Experiment # 2
Data Collection David Case:
January 23, 2015
Experiment #2 Data Collection
Exercise 1: Formulating a Hypothesis about pitching speed.
To form a hypothesis for the pitching velocity of a ball. Use a spreadsheet and math to calculate the actual velocity and determine the accuracy of the hypothesis. I will also roll a large ball to measure its velocity and graph its horizontal motion. Materials:
Volley Ball Computer
Softball Large Open Space
Mitt Stop Watch
Chair Tape Measure
1. Formulating a Hypothesis about baseball pitching speed.
1. Make a hypothesis about your pitching speed:
I believe I will be able to pitch the ball at a rate of 25 meter per second, based on my experience throwing the ball. I would call my hypothesis an educated guess. 2. I began my experiment with 2 friends our in the yard. We decided to use a distance of 10 meters between 2 of use with the third person timing the throw. 3. We each took turns throwing the ball 3 times, I have entered the date in the table below.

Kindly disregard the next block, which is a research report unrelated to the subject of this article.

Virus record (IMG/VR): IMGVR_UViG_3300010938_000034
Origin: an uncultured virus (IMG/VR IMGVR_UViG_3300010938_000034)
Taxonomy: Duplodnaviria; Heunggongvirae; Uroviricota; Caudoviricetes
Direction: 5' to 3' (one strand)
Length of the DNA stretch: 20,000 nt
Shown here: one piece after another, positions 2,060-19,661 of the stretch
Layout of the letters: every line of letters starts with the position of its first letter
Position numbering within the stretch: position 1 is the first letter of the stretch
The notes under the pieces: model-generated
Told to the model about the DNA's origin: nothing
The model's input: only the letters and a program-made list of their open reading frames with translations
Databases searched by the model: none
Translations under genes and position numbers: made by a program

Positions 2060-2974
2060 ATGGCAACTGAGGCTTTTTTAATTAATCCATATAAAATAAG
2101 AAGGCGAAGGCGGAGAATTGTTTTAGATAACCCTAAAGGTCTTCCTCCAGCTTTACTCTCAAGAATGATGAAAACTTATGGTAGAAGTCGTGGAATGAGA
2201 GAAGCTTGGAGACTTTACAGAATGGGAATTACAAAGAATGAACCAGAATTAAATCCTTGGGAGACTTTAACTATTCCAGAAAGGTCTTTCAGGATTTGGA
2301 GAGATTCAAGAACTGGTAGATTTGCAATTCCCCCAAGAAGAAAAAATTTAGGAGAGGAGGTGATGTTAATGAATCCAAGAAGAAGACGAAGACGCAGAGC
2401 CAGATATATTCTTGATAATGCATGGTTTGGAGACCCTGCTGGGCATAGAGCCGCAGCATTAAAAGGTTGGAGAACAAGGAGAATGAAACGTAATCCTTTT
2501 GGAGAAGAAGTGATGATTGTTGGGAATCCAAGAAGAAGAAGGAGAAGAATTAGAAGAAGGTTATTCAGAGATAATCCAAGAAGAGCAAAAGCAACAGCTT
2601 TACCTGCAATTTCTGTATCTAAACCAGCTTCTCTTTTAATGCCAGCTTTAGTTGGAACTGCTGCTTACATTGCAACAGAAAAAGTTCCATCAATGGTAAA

A) How did your throwing times compare to your hypotheses? B) How do the average times and speeds calculated by the spreadsheet compare to the ones manually calculated?
A. My hypothesis was more than my actual throwing speed. I over estimated.
B. The averages for both the spreadsheet and manual calculations turned out to be the same.
Exercise 2: Hypothesizing about and Measuring the Motion of a Ball on a Horizontal Surface
Hypothesis: The ball’s velocity will decrease as it travels down the flat surface.
1. Using masking tape I marked off 6 m in 1 m increments alone the sideway outside my house. My partners and I each took turns rolling the ball, keeping track the times, and recording the data.
Here are the graphs showing the data: